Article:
PSIA-AASI Community Forum: Talking Certification, Tactics + What Makes a School Great

There are plenty of in-depth, insightful conversations taking place on the PSIA-AASI Community forum right now, discussing everything from the comparative perks of heli-skiing vs. catskiing, to ways to keep ourselves -- and our students -- safe on crowded slopes.

As with any snow pro hangout, there are also plenty of posts concerning certification, teaching tactics, and what it is that sets certain snowsports school apart. Here are a few current threads you should check out.

Freestyle in PSIA Cert. Exams
Zane Decker asks, “What does everyone think about the lack of freestyle in PSIA cert exams? AASI cert exams have freestyle elements included in levels 1, 2, and 3. PSIA cert exams have very minimal freestyle, if any freestyle included. If I purchased a private lesson from a certified instructor I would expect that they can teach and demo simple freestyle maneuvers, but this is generally not the case. 

Teach Getting Up?
In response to an existing thread about teaching students how to get up after a fall, Marcel Gisquet replied:

  • Little kids, (3-4), I pick up from an advantageous position.
  • Kids  (5-7), first wait and see what they come up with. If that doesn’t work, get their skis below them pointing the same way across the fall line. On a steeper slope, they can push themselves up. On a shallow slope, have them wrap their arms around their knees and pull themselves up. If none of that works, I put my pole in front of their boots and have them grab it to pull themselves up.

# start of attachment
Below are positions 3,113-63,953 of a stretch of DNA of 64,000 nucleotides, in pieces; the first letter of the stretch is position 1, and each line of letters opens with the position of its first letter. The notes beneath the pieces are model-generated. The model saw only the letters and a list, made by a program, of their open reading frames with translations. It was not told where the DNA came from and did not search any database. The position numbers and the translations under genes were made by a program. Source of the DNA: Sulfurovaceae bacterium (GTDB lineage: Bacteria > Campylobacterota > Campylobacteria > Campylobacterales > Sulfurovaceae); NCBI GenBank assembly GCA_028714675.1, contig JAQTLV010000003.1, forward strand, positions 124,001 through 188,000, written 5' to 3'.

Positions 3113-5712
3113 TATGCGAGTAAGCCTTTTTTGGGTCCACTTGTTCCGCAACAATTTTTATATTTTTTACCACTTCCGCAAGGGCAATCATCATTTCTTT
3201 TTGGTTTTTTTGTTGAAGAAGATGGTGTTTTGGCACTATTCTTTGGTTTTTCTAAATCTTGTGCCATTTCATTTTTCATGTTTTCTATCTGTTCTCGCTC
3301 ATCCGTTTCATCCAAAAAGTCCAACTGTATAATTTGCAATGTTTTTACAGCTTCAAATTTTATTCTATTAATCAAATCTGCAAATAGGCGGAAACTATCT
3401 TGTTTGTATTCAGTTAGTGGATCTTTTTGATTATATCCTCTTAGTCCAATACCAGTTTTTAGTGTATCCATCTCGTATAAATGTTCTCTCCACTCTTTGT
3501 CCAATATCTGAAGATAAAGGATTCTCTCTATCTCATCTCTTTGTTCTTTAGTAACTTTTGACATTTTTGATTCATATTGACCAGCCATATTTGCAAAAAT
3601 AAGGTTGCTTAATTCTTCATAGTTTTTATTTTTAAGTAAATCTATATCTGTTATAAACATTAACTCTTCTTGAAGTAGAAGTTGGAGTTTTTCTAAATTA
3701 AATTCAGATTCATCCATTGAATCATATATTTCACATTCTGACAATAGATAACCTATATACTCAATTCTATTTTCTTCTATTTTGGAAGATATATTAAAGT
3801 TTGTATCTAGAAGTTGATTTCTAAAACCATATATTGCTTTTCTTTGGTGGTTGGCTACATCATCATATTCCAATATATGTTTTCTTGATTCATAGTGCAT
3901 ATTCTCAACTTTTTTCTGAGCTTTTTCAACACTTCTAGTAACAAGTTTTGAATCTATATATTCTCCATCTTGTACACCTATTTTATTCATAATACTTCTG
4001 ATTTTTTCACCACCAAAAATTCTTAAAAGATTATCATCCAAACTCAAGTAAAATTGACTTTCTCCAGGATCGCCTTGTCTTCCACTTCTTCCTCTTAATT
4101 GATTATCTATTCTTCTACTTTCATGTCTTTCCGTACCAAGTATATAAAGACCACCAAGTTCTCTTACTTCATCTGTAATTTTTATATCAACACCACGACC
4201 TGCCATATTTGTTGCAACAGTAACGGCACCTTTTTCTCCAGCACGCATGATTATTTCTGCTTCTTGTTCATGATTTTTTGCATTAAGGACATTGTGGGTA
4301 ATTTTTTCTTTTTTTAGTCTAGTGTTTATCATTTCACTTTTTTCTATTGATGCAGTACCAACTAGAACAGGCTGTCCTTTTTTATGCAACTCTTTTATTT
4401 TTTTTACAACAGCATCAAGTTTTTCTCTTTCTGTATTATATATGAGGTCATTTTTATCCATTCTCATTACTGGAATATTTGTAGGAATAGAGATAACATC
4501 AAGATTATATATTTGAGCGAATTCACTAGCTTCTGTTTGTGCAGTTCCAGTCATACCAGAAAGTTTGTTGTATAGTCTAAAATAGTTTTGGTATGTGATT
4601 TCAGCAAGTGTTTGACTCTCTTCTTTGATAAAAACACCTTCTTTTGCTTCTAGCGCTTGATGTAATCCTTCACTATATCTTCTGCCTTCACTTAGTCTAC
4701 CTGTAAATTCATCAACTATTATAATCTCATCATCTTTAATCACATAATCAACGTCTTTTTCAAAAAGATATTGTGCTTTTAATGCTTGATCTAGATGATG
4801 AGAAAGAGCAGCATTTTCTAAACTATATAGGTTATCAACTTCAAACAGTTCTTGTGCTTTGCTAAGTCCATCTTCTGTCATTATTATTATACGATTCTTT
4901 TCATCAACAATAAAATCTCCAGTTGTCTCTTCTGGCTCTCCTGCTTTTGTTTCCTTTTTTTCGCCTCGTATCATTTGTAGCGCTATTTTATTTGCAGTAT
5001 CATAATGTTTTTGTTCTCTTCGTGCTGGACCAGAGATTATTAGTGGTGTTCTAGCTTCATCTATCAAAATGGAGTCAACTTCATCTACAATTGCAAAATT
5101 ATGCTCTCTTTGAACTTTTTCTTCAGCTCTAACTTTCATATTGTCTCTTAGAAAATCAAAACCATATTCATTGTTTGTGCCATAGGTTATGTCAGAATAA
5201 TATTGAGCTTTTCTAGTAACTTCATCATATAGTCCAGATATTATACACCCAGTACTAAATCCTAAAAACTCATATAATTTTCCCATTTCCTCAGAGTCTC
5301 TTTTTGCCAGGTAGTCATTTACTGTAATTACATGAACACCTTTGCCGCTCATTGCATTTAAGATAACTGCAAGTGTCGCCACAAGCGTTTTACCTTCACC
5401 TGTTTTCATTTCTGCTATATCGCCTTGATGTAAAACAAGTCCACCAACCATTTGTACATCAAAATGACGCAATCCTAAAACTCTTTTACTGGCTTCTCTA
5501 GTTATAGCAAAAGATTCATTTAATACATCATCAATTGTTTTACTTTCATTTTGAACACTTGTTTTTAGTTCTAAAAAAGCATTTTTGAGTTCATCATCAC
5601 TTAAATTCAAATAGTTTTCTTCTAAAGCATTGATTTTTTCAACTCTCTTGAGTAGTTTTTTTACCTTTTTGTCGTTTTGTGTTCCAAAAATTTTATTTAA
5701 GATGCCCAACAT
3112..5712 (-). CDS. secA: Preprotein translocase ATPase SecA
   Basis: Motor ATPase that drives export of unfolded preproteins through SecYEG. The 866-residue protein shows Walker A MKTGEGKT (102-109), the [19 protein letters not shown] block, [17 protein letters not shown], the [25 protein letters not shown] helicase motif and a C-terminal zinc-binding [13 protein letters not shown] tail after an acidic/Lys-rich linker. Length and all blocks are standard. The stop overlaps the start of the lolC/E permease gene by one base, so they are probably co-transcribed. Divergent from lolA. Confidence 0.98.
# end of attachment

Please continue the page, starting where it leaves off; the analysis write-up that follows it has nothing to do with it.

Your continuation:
• Kids over 7 and teens are quick to figure it out on their own and any advice is situational.
  • Adults can benefit from specifics—skis across the hill pointed towards the center of the slope. On steeper slopes use poles, on shallow slopes take off the uphill ski, if a ski has come off, have the remaining one be the downhill one, and check to see if the heelpiece is open.

Always be willing to help, be sure you are in an advantaged position. I don’t have them fall, it’s likely to happen soon enough.”

What Makes a Great Snowsports School?
Christopher Jafay posted, “As I read through these posts I can't help but ask: what makes a great Snowsports School? I have worked for Sun Valley for 17 plus seasons and I feel I work for one of the best Snowports Schools in the country, if not the world. How do you feel about your school? What makes it great? Is it the area (town, infrastructure, mountain)? Is it the management? Is it the training (PSIA-AASI, in-house)? Is it the pride and tradition? What is it that keeps you coming back season after season?

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